DTE Energy

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Consumers Energy in April closed seven of its coal-burning units.

DTE Energy plans to shut eight of its coal-burning units by the year 2023.

Mark Barteau is Director of the University of Michigan Energy Institute.  He says eventually, coal is going away because natural gas, wind and solar are more cost-effective - as well as being better for public health and the planet.

DTE's St. Clair Power Plant in East China, Michigan.
user cgord / wikimedia commons

DTE Energy is the state’s largest utility. It provides electricity to more than two million people in southeast Michigan. Until very recently, DTE leaned on coal-fired power to generate about 3/4 of that electricity.

But that’s about to change dramatically.

The news came down this week that DTE will close three of its remaining coal-fired power plants between 2020 and 2023.

Two of those plants are just south of Detroit, in River Rouge and Trenton. The other is in St. Clair County.

Tim Wang / Flickr

DTE Energy wants to raise electricity rates for residential customers, and it's getting push back from the state's Attorney General.

Utilities companies can ask for rate hikes once every year, but that doesn't mean they'll get them. The Public Service commission has to give the ok.

And Attorney General Bill Schuette says DTE's latest request is unreasonable. It would raise rates about $7 a year for the average residential customer – but Schuette points out, DTE just got a rate hike approved last year.

Wikipedia

DTE Energy is taking its biggest plunge into solar power yet, with a Lapeer County project announced Monday.

According to DTE, that project will be the “largest utility-owned solar array east of the Mississippi.”

It calls for nearly 150,000 solar panels spread over about 300 acres, generating a combined 45 megawatts of power on two sites. That’s more than three times the company’s solar output right now.

David Harwood, DTE’s director of renewable energy, says that until now its renewable energy portfolio has favored wind power.

Sean_Marshall / flickr http://michrad.io/1LXrdJM

A group of cities has successfully challenged DTE Energy’s plan to charge it more for LED streetlights.

A coalition of cities took its case against DTE’s proposed rate change to the Michigan Public Service Commission.

DTE claimed that it was merely adjusting prices as it “gains more experience” with LED technology.

That angered cities that had installed LED streetlighting, which is more energy-efficient than traditional lighting, but also more expensive upfront.

Steve Carmody / Michigan Radio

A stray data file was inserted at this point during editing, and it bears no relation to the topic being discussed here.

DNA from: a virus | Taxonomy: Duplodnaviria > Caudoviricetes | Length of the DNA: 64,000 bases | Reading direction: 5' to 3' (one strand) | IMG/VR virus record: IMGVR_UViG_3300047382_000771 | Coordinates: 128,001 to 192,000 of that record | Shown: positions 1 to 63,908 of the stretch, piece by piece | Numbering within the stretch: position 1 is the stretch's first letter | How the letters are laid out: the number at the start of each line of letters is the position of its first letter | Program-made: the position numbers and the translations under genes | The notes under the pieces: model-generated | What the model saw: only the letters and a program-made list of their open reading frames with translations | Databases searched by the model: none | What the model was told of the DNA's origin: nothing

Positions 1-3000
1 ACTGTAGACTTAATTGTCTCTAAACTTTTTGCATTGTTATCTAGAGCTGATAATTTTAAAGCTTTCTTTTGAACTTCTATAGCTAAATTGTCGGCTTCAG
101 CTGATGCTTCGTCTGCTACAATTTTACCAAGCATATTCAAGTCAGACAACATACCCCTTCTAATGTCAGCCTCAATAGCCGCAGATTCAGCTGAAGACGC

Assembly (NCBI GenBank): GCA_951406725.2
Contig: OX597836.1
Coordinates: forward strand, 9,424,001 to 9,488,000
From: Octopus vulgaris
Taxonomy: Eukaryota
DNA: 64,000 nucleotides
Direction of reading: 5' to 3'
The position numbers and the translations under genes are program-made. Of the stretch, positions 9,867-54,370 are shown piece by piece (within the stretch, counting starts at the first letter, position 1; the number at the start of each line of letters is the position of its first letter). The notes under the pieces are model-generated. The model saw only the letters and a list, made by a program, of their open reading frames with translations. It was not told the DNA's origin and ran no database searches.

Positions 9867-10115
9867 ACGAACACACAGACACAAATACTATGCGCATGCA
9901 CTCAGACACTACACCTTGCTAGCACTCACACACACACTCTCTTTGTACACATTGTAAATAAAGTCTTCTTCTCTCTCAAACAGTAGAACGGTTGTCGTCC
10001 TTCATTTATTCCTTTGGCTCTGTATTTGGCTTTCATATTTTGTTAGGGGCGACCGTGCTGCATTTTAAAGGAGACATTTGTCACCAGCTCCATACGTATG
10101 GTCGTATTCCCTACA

State lawmakers are expected to take up a major overhaul of Michigan’s energy policy as they return from their November break.  

The House and Senate are debating bills to change the state’s 10 percent renewable energy requirement on electric utilities. The bills’ sponsors insist they are just trying to make Michigan’s energy generation market competitive and fair by removing preferential treatment for particular sources of energy.    

Consumers Energy / Flickr/user

With a contentious road funding deal finally done, state legislators have some big issues to tackle when they come back from vacation, such as modifying Michigan's energy laws.  

Lester Graham / Michigan Radio

  

Alarms are going off. People are checking gauges, trying to determine what's wrong.

We’re in a large simulator of a nuclear reactor control room at the DTE Energy Fermi 2 power plant on Lake Erie near Monroe. Employees are being trained to deal with just about any foreseeable problem a nuclear power plant might face. 

Tracy Samilton / Michigan Radio

Researchers say there would be beneficial side effects from the U.S. Environmental Protection Agency's proposed Clean Power Plan. 

The plan is intended to lower carbon dioxide emissions from power plants by 30% by the year 2030.  CO2 is a large factor in climate change.

Steve Carmody / Michigan Radio

UPDATED 5/11/15

DETROIT (AP) - The Michigan appeals court has rejected challenges from people who don't want a new digital meter from DTE Energy.

The court says state regulators did nothing illegal or unreasonable in approving an opt-out program. It allows DTE to charge customers about $10 a month to send someone to a house to record electricity usage by hand. Customers who opt-out will get new meters but the radio transmitter will be turned off.